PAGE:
"Tempera isn't hard. It's just slow."I've been playing a bit more with egg tempera lately, and remembering why I like it so much. I can understand why tempera went largely out of fashion in the 16th century: oil paint has a greater value range (because oil darks are darker than tempera darks), so much can be done with blending in oil, and oil paint is perhaps more resistant to damage (although tempera doesn't crack and yellow as oil does).
Tempera, however, has its own properties to recommend it.
- Many colors have more chroma and delicacy in tempera than in oil. Ultramarine blue, for example, is lighter and more saturated in tempera than in oil—it's like a different color. Earth pigments have a clarity and vibrancy that they do not have in oil. And earths that are barely distinguishable from each other in oil paint have very distinctive characters in tempera. Siennas, red ochres, yellow ochres, golden ochres, green umbers, red umbers, burnt siennas, hematites, malachites, and so many other earths have properties that cannot be fully explored in oil paint, but which really come into their own when tempered with egg yolk.
- In tempera, pigments do not loose as much chroma when mixed with white or black as they do in oil. Tints are less chalky and shades are less dull. In tempera, you can work with higher chroma without looking garish the way really intense oil paints do. That helps to compensate for the reduced value range and gives tempera paintings a sense of delicacy and refinement without dullness.
- In oil paint, you can glaze, scumble, and partially mix multiple colors to achieve interesting optical mixtures. In tempera, the closest you can come to that is the petit lac technique common in Greek and Russian icon painting: you put a wet puddle on a panel that is horizontal and use the brush to very gently spread the paint without breaking the surface tension. That results in interesting, slightly mottled surface effects. In tempera, you can also use layer after layer of crosshatching, weaving colors across and over each other, to produce subtle optical effects.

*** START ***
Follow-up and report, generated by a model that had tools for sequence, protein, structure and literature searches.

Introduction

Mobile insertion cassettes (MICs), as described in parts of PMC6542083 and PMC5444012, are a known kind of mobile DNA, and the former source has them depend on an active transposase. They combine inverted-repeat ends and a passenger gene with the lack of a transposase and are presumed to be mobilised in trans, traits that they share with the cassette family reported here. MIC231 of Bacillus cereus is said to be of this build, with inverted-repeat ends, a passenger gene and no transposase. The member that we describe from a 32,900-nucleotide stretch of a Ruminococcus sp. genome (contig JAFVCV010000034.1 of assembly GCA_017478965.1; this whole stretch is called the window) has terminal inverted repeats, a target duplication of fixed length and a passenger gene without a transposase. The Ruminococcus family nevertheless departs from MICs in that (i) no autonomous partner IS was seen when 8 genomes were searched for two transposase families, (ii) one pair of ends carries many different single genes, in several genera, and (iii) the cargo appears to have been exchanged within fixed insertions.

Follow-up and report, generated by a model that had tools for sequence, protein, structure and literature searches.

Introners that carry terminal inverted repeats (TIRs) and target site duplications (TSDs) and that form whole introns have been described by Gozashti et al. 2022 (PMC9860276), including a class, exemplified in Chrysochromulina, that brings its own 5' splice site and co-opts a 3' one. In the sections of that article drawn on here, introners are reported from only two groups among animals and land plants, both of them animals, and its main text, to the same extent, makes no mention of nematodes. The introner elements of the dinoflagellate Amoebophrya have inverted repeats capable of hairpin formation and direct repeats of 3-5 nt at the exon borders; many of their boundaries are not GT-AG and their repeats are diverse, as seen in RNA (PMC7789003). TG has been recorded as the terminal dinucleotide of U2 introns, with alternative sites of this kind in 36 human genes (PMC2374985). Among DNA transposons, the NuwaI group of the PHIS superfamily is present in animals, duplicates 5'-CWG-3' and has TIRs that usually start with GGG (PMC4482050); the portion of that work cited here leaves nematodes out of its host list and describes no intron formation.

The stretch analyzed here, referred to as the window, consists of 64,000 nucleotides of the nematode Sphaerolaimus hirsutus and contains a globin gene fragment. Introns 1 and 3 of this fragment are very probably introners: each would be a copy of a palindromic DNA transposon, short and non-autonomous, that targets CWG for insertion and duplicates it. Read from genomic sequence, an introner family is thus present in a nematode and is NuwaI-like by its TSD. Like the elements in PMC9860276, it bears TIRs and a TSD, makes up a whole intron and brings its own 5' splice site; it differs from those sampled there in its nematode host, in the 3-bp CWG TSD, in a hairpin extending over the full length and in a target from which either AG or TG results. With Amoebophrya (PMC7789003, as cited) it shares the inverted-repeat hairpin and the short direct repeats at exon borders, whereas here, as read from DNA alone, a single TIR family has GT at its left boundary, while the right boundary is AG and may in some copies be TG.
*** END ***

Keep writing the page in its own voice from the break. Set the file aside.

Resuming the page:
If you have an interest in egg tempera, I can't recommend "The Practice of Tempera Painting" by Daniel V. Thompson highly enough. It covers the preparation of supports and grounds, choosing and working with pigments, doing underdrawings, application of paint, and gilding. I would only note that (a) you don't really have to grind modern pigments with a muller and slab; you can just put them in a jar with water and shake; (b) his list of pigments is a little dated; and (c) we now know that Italian tempera painters did not use a detailed underdrawing as a critical component of the development of a painting's value scale. Other than those details, the information in the book is as useful today as it was when the second edition was published in 1962.